Spotify launched a beta program today for clickable songwriter credits called “songwriter pages.” If a songwriter is included in the beta, listeners can click on their name in a track’s credits to view a page with all of the songs they’ve written. Spotify added song credits back in 2018, but this is the first time any of them have been clickable.
To access a songwriter’s profile, click the three dots next to a track, and then select “song credits.” When you select a clickable songwriter name, it opens their Spotify for Artists webpage, which now shows all of the songs they’ve written and their top collaborators. There’s also a “listen on Spotify” button that opens up a playlist compiled of their work. These playlists, like the songwriter profiles, are only on web for now.
For example, if you view Justin Bieber’s “Sorry” on the Spotify app and display the song’s credits, two of the songwriters are now clickable: Julia Michaels and Justin Tranter. Other songwriters participating at launch include Meghan Trainor, Fraser T Smith, Missy Elliott, Teddy Geiger, and others. Spotify says that songwriters can request their own page to be included as the program continues to roll out.
As it’s a beta, it’s still a work in progress. But there are some obvious bummers. For one, taking people outside of the app is a little messy. Also, the primary image shown on a songwriter page isn’t the songwriter, but the art for the most-streamed track they’ve written. That means you won’t see Julia Michaels on her songwriter profile; instead, there’s a big image of Justin Bieber.
The inclusion of more expansive song credits has been slowly adopted by several streaming platforms over the past couple of years. Among them are YouTube, which added song credits in 2018, and Pandora, which did so in 2019. Although the display of song credits — and the ability to search for music via song credits — is touted as a new way of discovery for users, it’s also a much-needed area for playing catch-up in a contentious time between streaming services and the music industry.
Displayed credits are good for everyone, but songwriters have a lot to gain
Music metadata (which includes song credits) is currently a chaotic mess, with a lack of centralized data and heaps of bad data leaving money on the table for scores of musicians.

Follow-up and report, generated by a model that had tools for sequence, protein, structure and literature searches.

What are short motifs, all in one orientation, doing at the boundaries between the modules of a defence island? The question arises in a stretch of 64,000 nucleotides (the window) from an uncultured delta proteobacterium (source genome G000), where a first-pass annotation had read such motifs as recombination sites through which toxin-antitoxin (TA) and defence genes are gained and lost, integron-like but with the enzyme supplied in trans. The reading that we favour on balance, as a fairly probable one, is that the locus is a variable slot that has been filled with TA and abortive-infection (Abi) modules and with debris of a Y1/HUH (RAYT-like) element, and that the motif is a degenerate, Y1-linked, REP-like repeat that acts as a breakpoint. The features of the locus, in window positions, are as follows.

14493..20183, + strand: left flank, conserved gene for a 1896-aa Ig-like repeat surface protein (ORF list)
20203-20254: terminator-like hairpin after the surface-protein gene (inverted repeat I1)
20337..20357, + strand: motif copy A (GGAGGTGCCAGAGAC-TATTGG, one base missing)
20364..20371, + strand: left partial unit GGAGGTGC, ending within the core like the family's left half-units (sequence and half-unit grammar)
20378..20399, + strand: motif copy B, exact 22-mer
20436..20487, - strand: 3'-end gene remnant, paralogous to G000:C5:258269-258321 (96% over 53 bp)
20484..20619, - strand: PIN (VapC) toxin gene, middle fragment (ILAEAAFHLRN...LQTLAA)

While displayed (and interactive) credits are good for everyone involved in a song, songwriters have a lot to gain. They usually make much less than performing artists since most don’t have other revenue streams like touring or merch.
Additionally, songwriters and publishers, in particular, currently have a bone to pick with streaming services, thanks to an ongoing battle over royalty rates. In 2018, the Copyright Royalty Board (CRB) announced that songwriters will get a 44 percent pay raise from streaming services for the next five years. Spotify, Google, Pandora, and Amazon all filed for a rehearing that year and then appealed the increase in 2019, with Spotify citing issues around language ambiguities in the decision.
The trial is still ongoing. Meanwhile, Spotify further stepped on the toes of songwriters and publishers last year when it said it overpaid most publishers in 2018 and asked for the money back, as reported by Billboard. “According to the new CRB regulations, we overpaid most publishers in 2018,” said Spotify. “Rather than collect the 2018 overpayment immediately, we have offered to extend the recoupment period through the end of 2019 in order to minimize the impact of the adjustment on publishing companies.”
Regardless of butting heads, furthering partnerships between online platforms and record labels, music publishers, and music rights societies to fill data gaps is a good thing. It’s valuable on both ends: more money (hopefully) winds up in songwriter pockets, and music fans can hear more from songwriters they love. Eventually, it would be nice to see clickable credits for every contributor on a song — if there’s a guitar solo you love, wouldn’t it be nice to see what else that player performed on? — but this is a welcome start.Original Article ©Copyrights theverge.com